SUNRISE (AP) — The two-time defending Stanley Cup champions on one side. The Presidents' Trophy winners on the other. Franchises separated by just a couple hundred miles of highway. And two teams that don't like each other very much.
Tampa Bay and Florida. For the state championship — and so much more.
The Lightning and the Panthers are meeting in the playoffs for the second consecutive season, with Game 1 starting Tuesday on Florida's home ice. Tampa Bay needed six games to oust the Panthers a year ago in Round 1.
"Florida is a hell of a team," Tampa Bay coach Jon Cooper said. "We've watched them all year. We've had some amazing battles with them. I think people, especially in Florida, have been begging for the two teams to be contenders and go at it. Last year, many people said that might have been the series of the playoffs. They retooled their team and brought some big names in there and it should be a ton of fun."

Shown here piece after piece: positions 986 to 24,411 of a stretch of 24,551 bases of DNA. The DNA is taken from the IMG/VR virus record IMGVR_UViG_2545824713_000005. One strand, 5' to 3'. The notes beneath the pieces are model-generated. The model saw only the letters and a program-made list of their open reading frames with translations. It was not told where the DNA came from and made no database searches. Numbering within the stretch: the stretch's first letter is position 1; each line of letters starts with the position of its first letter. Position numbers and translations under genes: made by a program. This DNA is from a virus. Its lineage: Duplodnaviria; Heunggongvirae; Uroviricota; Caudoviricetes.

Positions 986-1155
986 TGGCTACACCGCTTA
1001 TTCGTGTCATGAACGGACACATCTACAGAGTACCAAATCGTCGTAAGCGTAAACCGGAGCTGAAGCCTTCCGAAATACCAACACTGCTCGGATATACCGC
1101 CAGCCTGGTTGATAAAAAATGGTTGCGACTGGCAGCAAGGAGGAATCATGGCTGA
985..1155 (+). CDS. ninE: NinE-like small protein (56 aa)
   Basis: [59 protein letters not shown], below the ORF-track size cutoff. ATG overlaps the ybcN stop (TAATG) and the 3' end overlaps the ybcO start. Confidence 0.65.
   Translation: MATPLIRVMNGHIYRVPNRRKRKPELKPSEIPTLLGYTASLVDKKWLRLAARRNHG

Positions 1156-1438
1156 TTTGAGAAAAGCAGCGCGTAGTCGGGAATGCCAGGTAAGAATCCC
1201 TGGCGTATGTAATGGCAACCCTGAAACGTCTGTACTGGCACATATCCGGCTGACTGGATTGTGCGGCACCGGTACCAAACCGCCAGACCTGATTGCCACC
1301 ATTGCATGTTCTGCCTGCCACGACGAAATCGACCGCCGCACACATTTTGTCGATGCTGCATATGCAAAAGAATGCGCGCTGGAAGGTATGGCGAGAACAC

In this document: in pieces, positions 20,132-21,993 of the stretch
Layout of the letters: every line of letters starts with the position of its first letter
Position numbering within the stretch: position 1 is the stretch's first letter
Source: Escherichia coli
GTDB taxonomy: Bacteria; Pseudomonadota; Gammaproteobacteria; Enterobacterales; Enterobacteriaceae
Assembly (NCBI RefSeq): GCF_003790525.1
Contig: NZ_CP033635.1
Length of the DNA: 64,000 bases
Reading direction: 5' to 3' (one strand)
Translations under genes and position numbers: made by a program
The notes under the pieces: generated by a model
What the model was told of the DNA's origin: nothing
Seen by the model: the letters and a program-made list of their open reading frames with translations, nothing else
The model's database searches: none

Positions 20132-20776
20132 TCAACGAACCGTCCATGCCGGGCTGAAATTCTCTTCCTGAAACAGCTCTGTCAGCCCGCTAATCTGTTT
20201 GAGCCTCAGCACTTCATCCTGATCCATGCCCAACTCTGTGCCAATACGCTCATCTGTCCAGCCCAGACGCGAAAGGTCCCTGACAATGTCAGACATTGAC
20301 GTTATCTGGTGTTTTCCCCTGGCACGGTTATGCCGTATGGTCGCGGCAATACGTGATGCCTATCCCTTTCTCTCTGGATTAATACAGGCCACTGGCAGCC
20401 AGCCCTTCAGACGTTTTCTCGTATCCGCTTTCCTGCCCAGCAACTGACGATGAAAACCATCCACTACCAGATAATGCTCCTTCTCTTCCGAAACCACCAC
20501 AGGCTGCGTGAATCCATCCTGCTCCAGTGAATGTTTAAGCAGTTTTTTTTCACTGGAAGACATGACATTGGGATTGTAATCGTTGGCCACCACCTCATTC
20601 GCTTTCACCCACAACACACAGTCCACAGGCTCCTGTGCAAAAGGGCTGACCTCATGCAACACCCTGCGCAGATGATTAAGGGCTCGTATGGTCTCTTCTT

The Lightning won a Game 7 in Toronto to extend their hope of trying to become the first team to win three consecutive Stanley Cups since the New York Islanders won four in a row from 1980 through 1983. The Panthers are coming off their first series win in 26 years, beating Washington in six games, and now have a shot at avenging last season's playoff loss.
"That's when things get interesting and rivalries are born when you play teams multiple times in the playoffs now ... and we know what it's going to be," Lightning forward Steven Stamkos said. "That was one heck of a series last year in the first round."
The NHL started awarding the Presidents' Trophy in 1986 to the club with the best regular-season record, and this marks the ninth time in that span that the winner of that trophy has faced the reigning Cup champion in the playoffs.
Of the previous eight instances, the last of which came in 2017 when Washington lost in seven games to Pittsburgh, it's a split — four wins for the Cup champs, four wins for the Presidents' Trophy holders.
"They're a great team," Florida interim coach Andrew Brunette said. "They are who we want to be, and this is a great opportunity for us."
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